Employees Responsible for Proving Employers Should Include Bonuses in Overtime Rate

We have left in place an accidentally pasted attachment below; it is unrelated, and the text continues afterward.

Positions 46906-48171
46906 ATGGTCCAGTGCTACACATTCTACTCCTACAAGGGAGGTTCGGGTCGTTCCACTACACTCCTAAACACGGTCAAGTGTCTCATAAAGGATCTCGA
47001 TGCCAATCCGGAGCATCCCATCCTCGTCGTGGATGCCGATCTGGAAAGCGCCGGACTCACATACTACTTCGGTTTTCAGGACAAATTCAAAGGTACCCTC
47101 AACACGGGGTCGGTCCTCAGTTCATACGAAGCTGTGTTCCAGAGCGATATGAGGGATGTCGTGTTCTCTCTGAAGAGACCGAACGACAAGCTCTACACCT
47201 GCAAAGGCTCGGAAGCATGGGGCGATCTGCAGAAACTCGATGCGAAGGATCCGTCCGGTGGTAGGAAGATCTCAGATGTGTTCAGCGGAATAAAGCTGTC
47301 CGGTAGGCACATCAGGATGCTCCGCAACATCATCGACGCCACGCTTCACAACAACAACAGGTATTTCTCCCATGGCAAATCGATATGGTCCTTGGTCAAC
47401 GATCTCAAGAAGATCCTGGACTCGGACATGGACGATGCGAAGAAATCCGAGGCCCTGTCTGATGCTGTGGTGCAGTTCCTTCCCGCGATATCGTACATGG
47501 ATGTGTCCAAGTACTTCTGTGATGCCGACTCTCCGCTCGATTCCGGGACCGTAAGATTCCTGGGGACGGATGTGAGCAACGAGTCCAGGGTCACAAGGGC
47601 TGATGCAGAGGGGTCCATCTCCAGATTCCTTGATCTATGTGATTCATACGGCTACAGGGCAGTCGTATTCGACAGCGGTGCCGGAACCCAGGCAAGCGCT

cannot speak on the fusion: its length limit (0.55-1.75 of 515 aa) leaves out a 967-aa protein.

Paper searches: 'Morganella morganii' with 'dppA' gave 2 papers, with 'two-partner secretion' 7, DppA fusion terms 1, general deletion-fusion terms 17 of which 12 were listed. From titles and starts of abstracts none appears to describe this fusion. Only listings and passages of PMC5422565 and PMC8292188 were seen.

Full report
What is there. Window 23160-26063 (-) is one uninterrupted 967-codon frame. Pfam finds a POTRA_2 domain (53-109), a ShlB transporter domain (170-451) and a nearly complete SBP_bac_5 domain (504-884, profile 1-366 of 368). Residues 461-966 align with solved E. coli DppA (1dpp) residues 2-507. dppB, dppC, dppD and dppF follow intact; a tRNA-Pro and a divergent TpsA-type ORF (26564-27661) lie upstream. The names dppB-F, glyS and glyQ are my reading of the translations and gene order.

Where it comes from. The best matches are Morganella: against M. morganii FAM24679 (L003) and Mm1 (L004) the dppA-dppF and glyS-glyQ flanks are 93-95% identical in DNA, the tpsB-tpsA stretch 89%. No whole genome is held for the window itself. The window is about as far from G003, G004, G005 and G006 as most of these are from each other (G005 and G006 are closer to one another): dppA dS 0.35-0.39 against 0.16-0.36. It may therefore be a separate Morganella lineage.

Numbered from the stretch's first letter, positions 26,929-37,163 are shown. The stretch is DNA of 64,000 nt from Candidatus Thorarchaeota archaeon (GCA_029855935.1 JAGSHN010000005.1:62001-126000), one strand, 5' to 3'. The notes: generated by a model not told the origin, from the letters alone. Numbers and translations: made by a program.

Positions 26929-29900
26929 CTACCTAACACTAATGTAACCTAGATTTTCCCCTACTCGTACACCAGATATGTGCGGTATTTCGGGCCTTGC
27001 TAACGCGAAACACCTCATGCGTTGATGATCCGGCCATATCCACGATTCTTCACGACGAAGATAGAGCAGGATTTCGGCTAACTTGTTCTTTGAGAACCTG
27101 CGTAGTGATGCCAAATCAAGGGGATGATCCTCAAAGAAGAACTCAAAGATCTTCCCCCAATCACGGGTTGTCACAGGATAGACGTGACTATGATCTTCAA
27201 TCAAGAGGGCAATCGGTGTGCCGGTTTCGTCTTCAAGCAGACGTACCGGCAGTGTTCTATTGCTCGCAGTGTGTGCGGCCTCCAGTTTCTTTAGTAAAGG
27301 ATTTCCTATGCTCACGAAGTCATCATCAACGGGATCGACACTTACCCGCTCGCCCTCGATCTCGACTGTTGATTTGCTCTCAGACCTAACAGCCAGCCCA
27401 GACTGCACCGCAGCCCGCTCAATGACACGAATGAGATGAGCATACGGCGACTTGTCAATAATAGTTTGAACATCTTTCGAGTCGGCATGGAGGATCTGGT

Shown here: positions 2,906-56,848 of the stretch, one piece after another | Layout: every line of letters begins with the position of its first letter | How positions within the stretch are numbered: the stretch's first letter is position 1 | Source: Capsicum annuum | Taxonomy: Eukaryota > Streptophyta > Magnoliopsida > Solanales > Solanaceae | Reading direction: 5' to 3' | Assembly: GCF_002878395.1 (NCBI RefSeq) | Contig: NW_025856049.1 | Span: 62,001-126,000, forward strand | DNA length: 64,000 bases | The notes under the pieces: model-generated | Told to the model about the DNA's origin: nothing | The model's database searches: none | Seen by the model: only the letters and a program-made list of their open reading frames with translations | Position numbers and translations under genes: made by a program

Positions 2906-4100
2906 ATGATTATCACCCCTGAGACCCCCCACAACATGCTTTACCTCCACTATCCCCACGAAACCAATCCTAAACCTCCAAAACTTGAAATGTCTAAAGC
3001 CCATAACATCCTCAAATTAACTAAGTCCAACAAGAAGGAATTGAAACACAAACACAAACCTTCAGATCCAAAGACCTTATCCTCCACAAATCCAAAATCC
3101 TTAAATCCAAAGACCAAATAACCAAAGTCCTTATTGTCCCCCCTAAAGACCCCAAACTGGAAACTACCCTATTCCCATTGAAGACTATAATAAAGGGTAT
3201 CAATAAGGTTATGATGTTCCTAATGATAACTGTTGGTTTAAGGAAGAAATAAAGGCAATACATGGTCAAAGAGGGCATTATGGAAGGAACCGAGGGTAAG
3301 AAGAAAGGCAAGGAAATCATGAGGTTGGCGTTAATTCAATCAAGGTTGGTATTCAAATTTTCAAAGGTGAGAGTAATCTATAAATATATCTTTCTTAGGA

When calculating overtime pay, employers must take into consideration “all remuneration for employment.” Bonuses may or may not factor into that remuneration depending on whether bonuses are “discretionary” or “non-discretionary”. The U.S. Court of Appeals for the Fifth Circuit reversed, in part, a jury decision for the employer, 4JLJ, LLC, an oilfield service company.  In doing so, the Court noted that employees have the burden to prove that a company’s bonus was nondiscretionary. In 4JLJ, employees had the opportunity to receive two types of bonuses. The “stage bonus” was paid out at specific stages of the fracking process. How and when these bonuses were given were not stated in writing. The court found employees did not present enough evidence to prove stage bonuses were non-discretionary. “Performance bonus” processes, however, were written in the employee contract including a pay scale. The court found these bonuses were nondiscretionary and should have been included in the regular pay rate. Other employers should review the types of bonuses when deciding whether to use them in calculating overtime pay rates.